Featured Plants -
Aster carolinianus Walter
Family: Compositae (Asteraceae)
This woody aster with lavender/yellow flowers was described by Thomas Walter from the
coastal plain of South Carolina in 1788. It is a much branched sprawling shrub to 4 meters
long, climbing up through and over vegetation, rarely with erect stems. Leaves are simple,
alternate with an auriculate base, often clasping and a pointed tip. The flowers appear in
panicles in fall, September-October. Flowers in "heads" of ray and disc flowers.
The narrow ray flowers are lavender to pale lavender, 1.0-2.5 cm long. The disc flowers
are yellow. The involucre bracts are pubescent and overlapping, with recurved tips. The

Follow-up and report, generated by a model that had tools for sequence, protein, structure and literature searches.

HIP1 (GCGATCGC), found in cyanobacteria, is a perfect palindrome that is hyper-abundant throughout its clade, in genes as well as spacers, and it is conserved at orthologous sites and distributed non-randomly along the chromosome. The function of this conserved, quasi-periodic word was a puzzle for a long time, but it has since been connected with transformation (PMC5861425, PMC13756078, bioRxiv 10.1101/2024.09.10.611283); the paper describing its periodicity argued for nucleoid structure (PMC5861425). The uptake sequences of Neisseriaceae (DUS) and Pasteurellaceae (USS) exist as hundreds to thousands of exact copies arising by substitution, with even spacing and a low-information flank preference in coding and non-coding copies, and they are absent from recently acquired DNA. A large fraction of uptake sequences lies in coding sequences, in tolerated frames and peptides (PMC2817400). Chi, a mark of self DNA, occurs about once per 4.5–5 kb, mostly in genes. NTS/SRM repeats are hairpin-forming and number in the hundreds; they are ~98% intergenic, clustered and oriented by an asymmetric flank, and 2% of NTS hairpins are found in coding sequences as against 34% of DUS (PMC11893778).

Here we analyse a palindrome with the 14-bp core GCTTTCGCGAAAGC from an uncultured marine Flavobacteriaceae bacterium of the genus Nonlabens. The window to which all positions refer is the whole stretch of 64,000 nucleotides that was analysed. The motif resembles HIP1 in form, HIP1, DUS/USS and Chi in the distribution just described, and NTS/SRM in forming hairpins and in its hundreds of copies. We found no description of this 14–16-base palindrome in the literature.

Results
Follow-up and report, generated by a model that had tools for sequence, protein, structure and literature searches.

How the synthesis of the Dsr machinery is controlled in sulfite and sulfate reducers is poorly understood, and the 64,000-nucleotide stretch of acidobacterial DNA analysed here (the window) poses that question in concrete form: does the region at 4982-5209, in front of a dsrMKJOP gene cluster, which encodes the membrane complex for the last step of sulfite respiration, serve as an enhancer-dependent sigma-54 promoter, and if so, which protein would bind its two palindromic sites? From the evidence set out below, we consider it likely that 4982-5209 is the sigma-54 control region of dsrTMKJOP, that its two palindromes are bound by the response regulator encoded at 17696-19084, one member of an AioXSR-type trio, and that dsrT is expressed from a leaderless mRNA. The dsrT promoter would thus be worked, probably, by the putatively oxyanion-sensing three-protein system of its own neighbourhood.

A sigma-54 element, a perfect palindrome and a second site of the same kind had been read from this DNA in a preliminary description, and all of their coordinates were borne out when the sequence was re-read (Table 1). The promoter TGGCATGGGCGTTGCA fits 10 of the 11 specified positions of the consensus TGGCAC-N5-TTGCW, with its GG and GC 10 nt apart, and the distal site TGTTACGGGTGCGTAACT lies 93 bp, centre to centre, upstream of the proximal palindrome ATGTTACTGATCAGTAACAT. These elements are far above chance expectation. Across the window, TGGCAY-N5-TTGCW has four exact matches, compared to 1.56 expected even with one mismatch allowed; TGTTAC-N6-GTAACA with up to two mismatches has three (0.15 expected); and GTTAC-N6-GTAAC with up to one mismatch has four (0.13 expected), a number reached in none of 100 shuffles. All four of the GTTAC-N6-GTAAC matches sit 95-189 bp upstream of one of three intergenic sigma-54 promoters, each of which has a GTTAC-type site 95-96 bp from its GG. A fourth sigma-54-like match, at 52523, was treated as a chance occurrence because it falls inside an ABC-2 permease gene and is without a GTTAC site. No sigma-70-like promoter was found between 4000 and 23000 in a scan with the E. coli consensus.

base of the "head" is urn-shaped. The fruit is an achene with a tan pappus made
up of bristles, 5-7 mm long. The body of the achene is ribbed.
This plant can be found throughout Florida except northwest Florida, along wetland
margins, such as marshes, rivers, streams, lake/pond margins and swamp margins.
This plant can be confused with other members of the
Aster genus. It is
our only native aster with woody stems over 1 meter in length, in addition the upper leaf
surface is scabrous. Look for these plants growing in water on the edge of wetlands.
Botanical description and illustration by John D.